Ethan Allen led 60 men from Massachusetts and Connecticut along with 130 Boys at Castleton to capture Fort Ticonderoga from the British soldiers in May 1775. Soon Benedict Arnold also joined them, and from then the mission was jointly led by Allen and Arnold. The troop began with the capturing of Fort Crown Point and St. John followed by Fort Ticonderoga.
With the successful conquest of Crown Point and Fort Ticonderoga, Ethan Allen and his men tried to seize Montreal in the latter half of 1775. But, they failed and Allen was captured and sent to prison in Cornwall, England, for two years.
After his release, Allen traveled to Salisbury, arriving on May 25, 1778 and found out about the death of his brother, Heman. He set out for Bennington and learned that the Vermont Republic had declared independence in 1777.
He spent several years working on issues associated with Vermont's political and military matters. He was also appointed as one of the judges responsible for deciding whose property was subject to seizure under the law.
In September 1778, he appeared before the Continental Congress on behalf of Vermont, seeking recognition as an independent state. He was involved in the negotiations with the British between 1780 and 1783
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In 1779, Ethan Allen published the account of his time in captivity in ‘A Narrative of Colonel Ethan Allen's Captivity’. The book was an instant bestseller and is still available today.
Several years ago, he had begun working on a manuscript for a book with his philosopher friend Dr. Thomas Young who had since died. Allen recovered the manuscript and published ‘Reason: the Only Oracle of Man’ in 1785. The book was a complete failure and received a lot of criticism.
Ethan Allen is best known as an American Revolutionary War hero and key founder of the Republic of Vermont. He led several campaigns with the local group called the Green Mountain Boys and also captured Fort Ticonderoga from British soldiers.
Allen published his book ‘A Narrative of Colonel Ethan Allen's Captivity’ in 1779 which became an instant bestseller. The book described his time and struggles in prison along with the struggles of his fellow prisoners.
Awards & Achievements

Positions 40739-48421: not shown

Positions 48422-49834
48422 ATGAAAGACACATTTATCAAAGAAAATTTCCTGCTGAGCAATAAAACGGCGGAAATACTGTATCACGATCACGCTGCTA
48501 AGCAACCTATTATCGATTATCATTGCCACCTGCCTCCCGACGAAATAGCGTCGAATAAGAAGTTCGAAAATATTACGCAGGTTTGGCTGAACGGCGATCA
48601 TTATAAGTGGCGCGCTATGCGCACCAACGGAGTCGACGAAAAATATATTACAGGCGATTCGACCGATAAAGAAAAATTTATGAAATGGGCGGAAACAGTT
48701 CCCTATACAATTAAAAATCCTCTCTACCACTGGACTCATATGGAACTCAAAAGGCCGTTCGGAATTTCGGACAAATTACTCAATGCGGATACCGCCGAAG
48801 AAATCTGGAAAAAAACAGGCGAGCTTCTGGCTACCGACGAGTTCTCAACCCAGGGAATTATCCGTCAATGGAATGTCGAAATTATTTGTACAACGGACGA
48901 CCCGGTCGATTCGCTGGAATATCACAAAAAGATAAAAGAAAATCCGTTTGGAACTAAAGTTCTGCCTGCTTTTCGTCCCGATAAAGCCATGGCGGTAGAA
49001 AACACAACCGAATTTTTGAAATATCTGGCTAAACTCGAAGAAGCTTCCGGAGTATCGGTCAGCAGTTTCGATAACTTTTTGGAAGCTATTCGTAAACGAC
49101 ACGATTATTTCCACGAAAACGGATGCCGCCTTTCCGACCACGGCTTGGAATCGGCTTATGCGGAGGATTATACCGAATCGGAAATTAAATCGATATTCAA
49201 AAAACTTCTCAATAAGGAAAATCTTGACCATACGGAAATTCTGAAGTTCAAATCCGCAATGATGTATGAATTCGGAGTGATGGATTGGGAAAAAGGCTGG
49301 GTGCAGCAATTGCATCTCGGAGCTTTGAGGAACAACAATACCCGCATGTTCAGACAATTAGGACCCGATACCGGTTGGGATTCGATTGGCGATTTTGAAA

Ethan Allen was ranked as Major General in Vermont Republic Militia. He was ranked as Colonel in Continental Army.
Personal Life & Legacy
Ethan Allen’s first marriage was in July 1762 to Mary Brownson, a woman five years senior to him. Allen and Mary had five children together (Loraine, Joseph, Lucy, Mary, and Pamela) of who only two reached adulthood. His first marriage was an unhappy one; however, it lasted till Mary’s death in 1783.
He met his second wife, Frances "Fanny" Montresor Brush Buchanan, a young widow in early 1784 and married her the same year. The couple had three children: Fanny (1784–1819), Hannibal Montresor (1786–1813), and Ethan Alphonso (1789–1855). This marriage proved to be a happy one.
Ethan Allen travelled to South Hero, Vermont, on February 11, 1789 and suffered an apoplectic fit during his return journey. He did not gain consciousness after that and died several hours later in Burlington. He was buried in Green Mount Cemetery in Burlington.
Two scholarly biographies of Allen have been written by John Pell, ‘Ethan Allen’ (1929), and Charles A. Jellison, ‘Ethan Allen: Frontier Rebel’ (1969).
Allen's final home, on the Onion River (now called the Winooski River), is a part of the Ethan Allen Homestead and Museum. A couple of ships of the United States Navy were named USS Ethan Allen in his honor, as were two 19th-century fortifications.
A statue of Allen represents Vermont in National Statuary Hall of the United States Capitol. The ‘Spirit of Ethan Allen III’ is a tour boat operating on Lake Champlain. In 1988, the Ethan Allen School was added to the National Register of Historic Places.